It’s a scene that will be familiar for many after yet another scorching summer: You’re lying awake during a warm night, bedsheets kicked aside, an overmatched ceiling fan providing little respite as you struggle to get a good night’s sleep.
But a warming planet doesn’t just mean more people may find it harder to get quality sleep. There is also evidence suggesting that sleep disturbance could make it harder for the body to fend off infection, according to a new research paper from Dr. Michael Irwin, a professor of psychiatry and biobehavorial sciences at UCLA.
Irwin, who has extensively studied how sleep regulates the immune system, said while there are few studies on how ambient, or surrounding air, temperature affects sleep, they indicate that warmer temperatures contribute to sleep disturbance. Studies have also shown that poor sleep is associated with heightened risk of infectious disease and could make some vaccination less effective, Irwin writes in a research review published in the peer-reviewed journal Temperature last week.
Given research showing a potential link between poor sleep and reduced immune response, Irwin said this raises timely questions about whether climate change results in heightened infectious disease risk amid the ongoing COVID-19 pandemic, a monkeypox outbreak and the reemergence of the poliovirus in New York and London.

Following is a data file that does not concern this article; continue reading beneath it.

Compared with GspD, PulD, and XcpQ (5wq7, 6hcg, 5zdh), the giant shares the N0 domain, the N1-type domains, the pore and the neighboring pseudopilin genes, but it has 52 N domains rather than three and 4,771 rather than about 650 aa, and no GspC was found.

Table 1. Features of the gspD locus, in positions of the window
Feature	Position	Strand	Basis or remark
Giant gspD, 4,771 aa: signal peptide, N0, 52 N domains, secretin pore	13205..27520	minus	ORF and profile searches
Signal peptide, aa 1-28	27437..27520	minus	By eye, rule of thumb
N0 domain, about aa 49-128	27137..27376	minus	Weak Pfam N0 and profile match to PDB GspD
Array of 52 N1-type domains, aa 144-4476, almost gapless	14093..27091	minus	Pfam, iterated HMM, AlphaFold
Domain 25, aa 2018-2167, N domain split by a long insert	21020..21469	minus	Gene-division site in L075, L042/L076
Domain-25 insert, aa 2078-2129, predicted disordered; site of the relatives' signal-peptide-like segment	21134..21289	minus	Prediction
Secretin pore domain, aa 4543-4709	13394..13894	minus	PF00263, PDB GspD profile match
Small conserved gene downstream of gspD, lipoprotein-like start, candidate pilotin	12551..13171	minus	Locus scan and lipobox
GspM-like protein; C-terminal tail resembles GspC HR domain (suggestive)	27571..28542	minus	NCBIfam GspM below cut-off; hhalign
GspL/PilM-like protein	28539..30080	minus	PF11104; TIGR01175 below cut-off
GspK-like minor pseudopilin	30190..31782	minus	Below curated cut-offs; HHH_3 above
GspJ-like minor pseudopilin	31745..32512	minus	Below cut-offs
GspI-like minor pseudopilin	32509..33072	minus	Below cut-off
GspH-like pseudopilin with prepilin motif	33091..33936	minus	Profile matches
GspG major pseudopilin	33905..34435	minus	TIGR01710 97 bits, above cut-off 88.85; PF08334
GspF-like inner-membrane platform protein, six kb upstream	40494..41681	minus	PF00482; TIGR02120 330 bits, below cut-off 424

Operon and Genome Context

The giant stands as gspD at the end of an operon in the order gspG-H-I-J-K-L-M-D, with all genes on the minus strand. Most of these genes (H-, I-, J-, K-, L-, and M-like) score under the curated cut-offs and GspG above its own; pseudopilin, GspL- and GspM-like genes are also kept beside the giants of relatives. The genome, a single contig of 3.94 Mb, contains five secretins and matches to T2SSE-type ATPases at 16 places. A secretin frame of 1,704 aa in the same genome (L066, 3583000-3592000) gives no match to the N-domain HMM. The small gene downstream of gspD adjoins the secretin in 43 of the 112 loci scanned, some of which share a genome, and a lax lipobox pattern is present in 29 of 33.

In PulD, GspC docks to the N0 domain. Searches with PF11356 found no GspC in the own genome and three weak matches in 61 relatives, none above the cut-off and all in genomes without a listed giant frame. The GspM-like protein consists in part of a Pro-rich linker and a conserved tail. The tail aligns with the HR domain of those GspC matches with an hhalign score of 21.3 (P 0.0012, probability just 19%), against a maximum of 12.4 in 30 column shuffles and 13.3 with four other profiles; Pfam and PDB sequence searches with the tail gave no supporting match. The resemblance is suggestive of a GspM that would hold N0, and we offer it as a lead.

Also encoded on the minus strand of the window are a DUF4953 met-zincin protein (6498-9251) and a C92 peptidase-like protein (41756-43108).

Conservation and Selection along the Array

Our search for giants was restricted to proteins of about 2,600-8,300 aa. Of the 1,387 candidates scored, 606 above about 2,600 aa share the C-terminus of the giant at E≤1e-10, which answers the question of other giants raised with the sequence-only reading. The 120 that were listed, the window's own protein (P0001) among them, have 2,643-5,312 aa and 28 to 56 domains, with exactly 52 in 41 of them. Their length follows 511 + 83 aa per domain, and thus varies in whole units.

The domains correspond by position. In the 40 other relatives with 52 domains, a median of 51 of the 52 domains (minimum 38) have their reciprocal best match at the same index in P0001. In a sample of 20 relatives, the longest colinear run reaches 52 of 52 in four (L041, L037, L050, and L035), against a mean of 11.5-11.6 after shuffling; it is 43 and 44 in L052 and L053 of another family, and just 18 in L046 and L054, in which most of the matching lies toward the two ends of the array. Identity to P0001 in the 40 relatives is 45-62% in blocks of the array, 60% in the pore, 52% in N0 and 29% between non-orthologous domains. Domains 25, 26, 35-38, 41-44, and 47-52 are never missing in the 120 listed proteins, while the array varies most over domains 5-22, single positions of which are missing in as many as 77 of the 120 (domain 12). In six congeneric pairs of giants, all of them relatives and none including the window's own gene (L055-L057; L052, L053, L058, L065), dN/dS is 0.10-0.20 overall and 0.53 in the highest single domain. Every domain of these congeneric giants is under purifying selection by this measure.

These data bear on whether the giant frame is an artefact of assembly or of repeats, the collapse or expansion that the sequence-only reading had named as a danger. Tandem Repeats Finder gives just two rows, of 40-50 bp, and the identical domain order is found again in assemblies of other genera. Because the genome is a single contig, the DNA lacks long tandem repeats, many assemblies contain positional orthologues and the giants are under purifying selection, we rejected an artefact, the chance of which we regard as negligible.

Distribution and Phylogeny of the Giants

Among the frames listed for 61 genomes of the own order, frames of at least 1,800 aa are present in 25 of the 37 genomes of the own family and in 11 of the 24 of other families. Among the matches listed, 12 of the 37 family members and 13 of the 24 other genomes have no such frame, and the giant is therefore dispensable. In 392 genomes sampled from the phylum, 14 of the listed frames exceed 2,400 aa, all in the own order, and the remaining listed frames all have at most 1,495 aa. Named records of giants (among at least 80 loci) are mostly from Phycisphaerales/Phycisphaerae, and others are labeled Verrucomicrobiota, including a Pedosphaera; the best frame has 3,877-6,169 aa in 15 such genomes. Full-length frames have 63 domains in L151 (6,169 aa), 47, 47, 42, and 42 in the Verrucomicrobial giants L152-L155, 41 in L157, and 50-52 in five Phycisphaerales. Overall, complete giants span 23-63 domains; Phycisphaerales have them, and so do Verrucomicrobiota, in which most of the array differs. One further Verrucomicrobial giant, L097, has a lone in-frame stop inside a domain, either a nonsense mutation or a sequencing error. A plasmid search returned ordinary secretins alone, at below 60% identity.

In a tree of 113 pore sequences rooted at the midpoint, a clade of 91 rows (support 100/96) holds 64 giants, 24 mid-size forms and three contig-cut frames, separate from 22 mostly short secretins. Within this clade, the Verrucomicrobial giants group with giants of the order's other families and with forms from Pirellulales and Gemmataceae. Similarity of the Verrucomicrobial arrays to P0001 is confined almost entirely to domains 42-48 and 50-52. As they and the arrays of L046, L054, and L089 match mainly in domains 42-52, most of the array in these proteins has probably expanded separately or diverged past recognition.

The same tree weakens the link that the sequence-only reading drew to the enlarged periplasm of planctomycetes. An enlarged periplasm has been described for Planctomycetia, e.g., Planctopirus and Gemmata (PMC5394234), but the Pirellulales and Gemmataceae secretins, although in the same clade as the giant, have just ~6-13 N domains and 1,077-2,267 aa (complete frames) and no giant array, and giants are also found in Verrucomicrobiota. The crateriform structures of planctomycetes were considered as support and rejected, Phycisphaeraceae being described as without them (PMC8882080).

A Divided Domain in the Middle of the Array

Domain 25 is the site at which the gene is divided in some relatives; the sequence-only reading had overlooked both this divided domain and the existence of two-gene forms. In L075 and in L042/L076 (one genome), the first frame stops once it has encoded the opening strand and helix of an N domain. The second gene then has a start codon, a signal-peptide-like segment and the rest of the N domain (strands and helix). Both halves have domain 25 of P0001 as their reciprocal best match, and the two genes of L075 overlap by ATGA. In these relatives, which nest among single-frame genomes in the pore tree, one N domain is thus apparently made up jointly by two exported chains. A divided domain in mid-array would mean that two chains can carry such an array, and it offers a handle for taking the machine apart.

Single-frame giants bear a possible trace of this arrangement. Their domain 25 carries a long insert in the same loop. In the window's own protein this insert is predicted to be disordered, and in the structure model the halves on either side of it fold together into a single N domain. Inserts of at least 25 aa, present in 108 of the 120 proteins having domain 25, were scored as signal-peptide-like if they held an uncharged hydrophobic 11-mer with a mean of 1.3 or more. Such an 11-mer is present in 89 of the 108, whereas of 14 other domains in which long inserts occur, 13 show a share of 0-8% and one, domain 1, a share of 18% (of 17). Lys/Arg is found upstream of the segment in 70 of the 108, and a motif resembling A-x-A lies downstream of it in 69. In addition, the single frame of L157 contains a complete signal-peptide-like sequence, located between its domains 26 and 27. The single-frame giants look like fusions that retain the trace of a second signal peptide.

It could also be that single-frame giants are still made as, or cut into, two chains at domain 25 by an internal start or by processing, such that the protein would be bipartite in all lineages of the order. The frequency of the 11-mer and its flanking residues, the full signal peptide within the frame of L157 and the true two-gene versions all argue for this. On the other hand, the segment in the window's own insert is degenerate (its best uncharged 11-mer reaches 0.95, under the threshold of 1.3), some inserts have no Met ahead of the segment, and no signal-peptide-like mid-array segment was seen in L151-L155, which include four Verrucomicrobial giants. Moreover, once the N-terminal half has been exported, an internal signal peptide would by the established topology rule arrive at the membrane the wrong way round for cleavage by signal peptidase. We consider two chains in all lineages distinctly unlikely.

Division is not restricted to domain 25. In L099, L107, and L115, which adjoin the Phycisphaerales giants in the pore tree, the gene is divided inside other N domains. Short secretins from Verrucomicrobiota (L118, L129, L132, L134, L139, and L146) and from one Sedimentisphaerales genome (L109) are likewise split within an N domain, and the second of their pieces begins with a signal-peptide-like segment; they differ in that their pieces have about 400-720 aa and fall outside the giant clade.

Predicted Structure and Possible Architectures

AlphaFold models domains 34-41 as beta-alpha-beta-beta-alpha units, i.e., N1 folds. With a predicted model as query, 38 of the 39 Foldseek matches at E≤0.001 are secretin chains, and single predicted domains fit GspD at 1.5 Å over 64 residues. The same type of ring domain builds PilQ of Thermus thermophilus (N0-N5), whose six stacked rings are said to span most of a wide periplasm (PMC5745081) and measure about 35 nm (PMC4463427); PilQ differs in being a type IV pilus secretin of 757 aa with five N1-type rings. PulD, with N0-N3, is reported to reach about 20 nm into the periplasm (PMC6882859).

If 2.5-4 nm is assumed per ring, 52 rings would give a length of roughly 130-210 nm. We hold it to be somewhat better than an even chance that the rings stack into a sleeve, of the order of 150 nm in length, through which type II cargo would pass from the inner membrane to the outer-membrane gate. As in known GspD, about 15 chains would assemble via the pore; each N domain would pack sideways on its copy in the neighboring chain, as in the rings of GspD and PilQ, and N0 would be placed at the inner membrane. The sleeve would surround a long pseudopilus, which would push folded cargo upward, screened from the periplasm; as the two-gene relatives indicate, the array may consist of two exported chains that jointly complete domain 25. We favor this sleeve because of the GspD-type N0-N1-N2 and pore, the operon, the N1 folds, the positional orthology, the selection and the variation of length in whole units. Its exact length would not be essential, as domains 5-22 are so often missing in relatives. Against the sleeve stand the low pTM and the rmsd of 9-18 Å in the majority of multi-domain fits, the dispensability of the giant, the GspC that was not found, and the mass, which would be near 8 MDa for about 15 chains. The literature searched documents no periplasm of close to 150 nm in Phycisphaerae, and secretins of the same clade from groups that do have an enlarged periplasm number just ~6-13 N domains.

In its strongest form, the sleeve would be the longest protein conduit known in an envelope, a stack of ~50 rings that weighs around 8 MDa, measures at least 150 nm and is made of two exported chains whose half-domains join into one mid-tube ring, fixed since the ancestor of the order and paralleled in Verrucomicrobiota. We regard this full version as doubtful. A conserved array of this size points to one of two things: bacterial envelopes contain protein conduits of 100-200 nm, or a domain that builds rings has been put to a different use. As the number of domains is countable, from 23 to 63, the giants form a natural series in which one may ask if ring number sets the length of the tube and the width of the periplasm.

“No one has previously put together this notion that the ongoing climate crisis is contributing to sleep disturbance and that it’s possibly contributing to the altered risk of infectious disease we’re seeing,” said Irwin, the director of the Cousins Center for Psychoneuroimmunology at the Jane and Terry Semel Institute for Neuroscience and Human Behavior at UCLA.
Irwin said the issue also raises important implications about disparities, since low-income communities and communities of color face heightened risk from heat and have less access to air conditioning.
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